AXIS_Strategies for Preventing Employee Theft

Employees account for a large percentage of small business thefts. These are the most common ways employees steal and various theft prevention strategies that can deter stealing.

Cash Diversion

Employees can accept cash payments without recording the transaction. One way to deter this form of theft is to avoid giving multiple employees access to a cash register. Alternatively, not accepting cash payments or outsourcing all accounts receivable can eliminate cash payment theft.


Transferring money from a business to a personal account, forging checks, and creating fake vendor accounts are examples of fraudulent employee activity. Theft prevention strategies include vetting new hires, separating accounts receivable and payable, performing routine audits, and limiting access to sensitive finance reports.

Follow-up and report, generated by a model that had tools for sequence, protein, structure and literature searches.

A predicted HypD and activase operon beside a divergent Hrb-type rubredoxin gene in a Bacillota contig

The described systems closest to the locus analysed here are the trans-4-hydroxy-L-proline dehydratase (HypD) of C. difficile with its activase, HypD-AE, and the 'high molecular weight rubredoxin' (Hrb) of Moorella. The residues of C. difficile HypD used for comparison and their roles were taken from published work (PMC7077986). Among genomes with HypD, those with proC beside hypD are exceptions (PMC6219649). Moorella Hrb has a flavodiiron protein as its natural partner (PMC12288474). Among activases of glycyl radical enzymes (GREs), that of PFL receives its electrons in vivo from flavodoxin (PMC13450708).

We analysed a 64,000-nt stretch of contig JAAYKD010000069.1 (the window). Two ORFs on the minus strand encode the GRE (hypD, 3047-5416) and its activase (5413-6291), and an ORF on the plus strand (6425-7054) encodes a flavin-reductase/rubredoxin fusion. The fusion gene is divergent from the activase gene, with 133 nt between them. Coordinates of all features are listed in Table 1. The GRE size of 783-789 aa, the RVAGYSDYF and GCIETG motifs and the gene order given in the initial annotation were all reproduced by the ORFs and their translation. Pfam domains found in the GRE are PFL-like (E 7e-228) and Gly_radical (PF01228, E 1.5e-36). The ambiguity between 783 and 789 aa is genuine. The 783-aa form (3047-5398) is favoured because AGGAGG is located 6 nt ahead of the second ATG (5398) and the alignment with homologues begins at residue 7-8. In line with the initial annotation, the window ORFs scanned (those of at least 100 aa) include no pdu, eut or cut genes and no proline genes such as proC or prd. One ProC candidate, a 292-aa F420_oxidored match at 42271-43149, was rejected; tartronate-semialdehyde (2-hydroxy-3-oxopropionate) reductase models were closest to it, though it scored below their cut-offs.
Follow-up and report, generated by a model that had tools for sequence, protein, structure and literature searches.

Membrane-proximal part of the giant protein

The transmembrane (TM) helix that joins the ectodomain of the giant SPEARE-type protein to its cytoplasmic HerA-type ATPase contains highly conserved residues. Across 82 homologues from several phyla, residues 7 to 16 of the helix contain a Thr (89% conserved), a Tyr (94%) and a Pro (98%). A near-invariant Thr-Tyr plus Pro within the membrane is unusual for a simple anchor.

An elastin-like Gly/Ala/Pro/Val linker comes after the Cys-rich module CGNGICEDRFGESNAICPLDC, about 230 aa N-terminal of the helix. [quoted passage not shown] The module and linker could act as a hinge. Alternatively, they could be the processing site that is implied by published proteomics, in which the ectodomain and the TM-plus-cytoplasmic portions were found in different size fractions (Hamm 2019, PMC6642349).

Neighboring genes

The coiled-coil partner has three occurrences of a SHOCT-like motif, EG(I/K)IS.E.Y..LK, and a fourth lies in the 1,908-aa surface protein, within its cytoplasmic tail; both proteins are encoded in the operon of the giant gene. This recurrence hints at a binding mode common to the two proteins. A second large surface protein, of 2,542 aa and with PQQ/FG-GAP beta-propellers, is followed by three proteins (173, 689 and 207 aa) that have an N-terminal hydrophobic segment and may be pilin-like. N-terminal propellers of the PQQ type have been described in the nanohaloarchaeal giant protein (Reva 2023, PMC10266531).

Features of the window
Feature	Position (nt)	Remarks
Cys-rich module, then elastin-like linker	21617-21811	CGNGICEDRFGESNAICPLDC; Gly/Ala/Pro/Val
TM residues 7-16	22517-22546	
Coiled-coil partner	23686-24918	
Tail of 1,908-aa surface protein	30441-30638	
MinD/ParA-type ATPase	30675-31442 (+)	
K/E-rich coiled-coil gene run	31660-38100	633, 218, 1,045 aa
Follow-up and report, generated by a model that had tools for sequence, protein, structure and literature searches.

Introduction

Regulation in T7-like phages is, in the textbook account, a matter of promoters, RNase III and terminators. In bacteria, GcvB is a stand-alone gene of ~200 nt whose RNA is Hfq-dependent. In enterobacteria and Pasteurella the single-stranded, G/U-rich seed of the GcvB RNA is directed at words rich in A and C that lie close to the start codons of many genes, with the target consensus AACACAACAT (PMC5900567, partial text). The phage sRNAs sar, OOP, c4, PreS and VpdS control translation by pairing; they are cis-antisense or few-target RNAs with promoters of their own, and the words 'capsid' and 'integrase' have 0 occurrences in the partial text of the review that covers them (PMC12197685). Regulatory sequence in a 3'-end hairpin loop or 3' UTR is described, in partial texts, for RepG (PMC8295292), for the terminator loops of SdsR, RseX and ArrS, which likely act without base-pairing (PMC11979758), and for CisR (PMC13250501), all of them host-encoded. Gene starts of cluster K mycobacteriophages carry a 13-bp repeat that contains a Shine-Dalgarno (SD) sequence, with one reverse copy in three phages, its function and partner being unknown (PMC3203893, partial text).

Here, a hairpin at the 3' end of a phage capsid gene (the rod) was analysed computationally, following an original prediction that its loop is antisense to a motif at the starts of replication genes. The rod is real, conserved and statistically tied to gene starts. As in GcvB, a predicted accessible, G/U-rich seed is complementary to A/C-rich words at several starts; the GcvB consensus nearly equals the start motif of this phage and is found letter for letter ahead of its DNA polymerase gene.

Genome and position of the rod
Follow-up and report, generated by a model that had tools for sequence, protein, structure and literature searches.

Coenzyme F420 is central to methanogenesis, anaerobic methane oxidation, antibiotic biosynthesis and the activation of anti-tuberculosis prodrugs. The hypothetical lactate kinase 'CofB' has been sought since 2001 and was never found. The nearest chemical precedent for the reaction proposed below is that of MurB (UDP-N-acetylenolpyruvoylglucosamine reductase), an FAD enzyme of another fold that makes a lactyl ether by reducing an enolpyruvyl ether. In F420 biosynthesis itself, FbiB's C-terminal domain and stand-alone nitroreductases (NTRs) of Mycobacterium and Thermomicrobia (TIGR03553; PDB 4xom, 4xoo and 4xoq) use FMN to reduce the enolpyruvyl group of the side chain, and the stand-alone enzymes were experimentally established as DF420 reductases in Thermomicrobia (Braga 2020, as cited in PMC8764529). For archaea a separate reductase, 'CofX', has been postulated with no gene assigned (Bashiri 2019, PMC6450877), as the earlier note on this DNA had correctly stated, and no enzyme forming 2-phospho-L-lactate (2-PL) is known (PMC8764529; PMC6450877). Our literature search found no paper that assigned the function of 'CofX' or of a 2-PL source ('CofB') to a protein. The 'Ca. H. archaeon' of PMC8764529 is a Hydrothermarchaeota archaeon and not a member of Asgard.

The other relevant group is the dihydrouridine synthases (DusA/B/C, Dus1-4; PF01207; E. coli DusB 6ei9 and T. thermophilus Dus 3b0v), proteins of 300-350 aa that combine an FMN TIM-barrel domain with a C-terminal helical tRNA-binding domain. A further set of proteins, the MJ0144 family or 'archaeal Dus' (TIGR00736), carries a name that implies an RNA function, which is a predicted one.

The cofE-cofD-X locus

Data Theft

Employees steal proprietary information to gain an unfair advantage for themselves or their employers’ competitors. Still, small business owners can safeguard their data with strategies such as requiring employees to sign confidentiality agreements, routinely changing passwords, disabling computer USB ports

Expense Reimbursement Fraud

Employees who falsify or miscategorize expenses for reimbursement are guilty of fraud, but employers can avoid unnecessary payments by requiring pre-authorizations for purchases over certain limits. In addition, they can require employees to use business credit cards to make purchases and review statements for accuracy.

Employee theft can contribute significantly to a small business’s financial losses. Therefore, every business owner should be aware of this behavior and implement a strong theft prevention strategy.